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To Know, Like, and Trust

If you are known, then liked, and then trusted, everything can flow from that.

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If only a simple method was available to predict when you will make a strong connection with someone, be it in a business situation, social situation, or otherwise. Actually, a formula does exist: If you are known, then liked, and then trusted, everything can flow from that.

Between any two people, getting to know one other, liking each other, and trusting each other, often follows a particular path. The time length of the journey can vary widely but almost in every case, few if any effective shortcuts are available when it comes to trust. Let’s examine the three elements, one at a time:

To Be Known

You have to meet someone, to converse, learn about them, have them learn about you, and perhaps have some follow up. If you are alike in some way, or have something in common, that helps.

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To Be Liked

What is the key to being liked by someone? Usually it starts with you liking them. This sounds like a circular explanation, but it is not. When you convey to other parties that you like them, approve of them, enjoy being around them, understand where they’re coming from, or have commonalities, if they reciprocate it happens nearly instantaneously.

Hundreds of facial movements that we might never completely understand, in and around our eyes, corners of our mouths, and foreheads, indicate to one another when, indeed, we like the person we’ve encountered.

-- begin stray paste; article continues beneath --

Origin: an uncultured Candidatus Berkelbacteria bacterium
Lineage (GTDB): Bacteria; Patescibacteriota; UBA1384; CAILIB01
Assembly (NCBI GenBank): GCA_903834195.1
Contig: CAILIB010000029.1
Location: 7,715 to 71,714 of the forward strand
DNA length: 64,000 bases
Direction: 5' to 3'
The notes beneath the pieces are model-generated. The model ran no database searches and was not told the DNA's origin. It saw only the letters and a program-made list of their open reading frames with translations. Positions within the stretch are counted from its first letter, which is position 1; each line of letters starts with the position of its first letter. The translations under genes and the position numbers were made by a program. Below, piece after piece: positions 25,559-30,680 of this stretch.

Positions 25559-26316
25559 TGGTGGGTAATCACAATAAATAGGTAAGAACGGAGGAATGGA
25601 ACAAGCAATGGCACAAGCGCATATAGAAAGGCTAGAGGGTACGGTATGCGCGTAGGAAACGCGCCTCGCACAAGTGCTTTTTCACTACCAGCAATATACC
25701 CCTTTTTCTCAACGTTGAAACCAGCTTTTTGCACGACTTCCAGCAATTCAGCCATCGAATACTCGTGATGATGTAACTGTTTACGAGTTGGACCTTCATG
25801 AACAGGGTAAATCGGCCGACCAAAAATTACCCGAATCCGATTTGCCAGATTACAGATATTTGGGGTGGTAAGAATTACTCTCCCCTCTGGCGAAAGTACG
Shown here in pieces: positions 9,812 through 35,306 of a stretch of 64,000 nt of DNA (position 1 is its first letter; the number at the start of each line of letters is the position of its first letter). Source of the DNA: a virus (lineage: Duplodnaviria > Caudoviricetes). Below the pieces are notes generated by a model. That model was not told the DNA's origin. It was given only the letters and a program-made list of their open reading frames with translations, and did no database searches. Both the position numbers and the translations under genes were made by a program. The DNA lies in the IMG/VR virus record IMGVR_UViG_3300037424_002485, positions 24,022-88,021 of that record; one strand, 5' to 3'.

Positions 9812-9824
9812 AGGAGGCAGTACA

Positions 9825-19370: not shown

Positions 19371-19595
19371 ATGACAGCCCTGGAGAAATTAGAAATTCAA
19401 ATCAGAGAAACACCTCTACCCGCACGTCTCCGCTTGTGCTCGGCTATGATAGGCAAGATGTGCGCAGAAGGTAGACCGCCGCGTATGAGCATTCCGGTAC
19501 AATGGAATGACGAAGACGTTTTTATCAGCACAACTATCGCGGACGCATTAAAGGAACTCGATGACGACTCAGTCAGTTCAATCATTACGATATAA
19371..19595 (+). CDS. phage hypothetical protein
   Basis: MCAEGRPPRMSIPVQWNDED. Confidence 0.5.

To Be Trusted

Becoming known and becoming liked are relatively easy compared to the third component of human interaction, which is to be trusted. While it’s possible to meet someone whom you quickly trust, in many cases that represents a leap of faith.

If you walk into an automobile dealership and encounter a sales person who you trust, it might be because this person has mastered a variety of verbal and nonverbal cues to indicate to you that he or she will be okay to work with.

Generally, trust builds up over time. To move from acquaintanceship, to friendship, to something else, such as long-term business associates or long-term social partners, takes a while to develop.

           One caveat: Trust can be a fleeting phenomena. One major withdrawal, in other words one incidence of apparent betrayal, can bring level of trust crashing down. Thereafter, liking one another can be in jeopardy. You still know each other but in a different light.

The Bank is Open

Building trust is akin to building up a bank savings account. You have to keep making deposits, which is synonymous with positive indications that you can be counted on. Now and then you can make a withdrawal, which is synonymous with something not going exactly as each of you might have hoped it would.

The savings account grows to a healthy sum if the deposits are overwhelming compared to the withdrawals. So, too, with building trust. Keep making deposit after deposit with few if any withdrawals, and lo and behold the trust builds.

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Jeff Davidson is the world's only holder of the title "The Work-Life Balance Expert®" as awarded by the U.S. Patent and Trademark Office. He is the premier thought leader on work-life balance, integration, and harmony. Jeff speaks to organizations that seek to enhance their overall productivity by improving the effectiveness of their people. He is the author of Breathing Space, Simpler Living, Dial it Down, and Everyday Project Management. Visit www.BreathingSpace.com for more information on Jeff's keynote speeches and seminars, including: Managing the Pace with Grace® * Achieving Work-Life Balance™ * Managing Information and Communication Overload®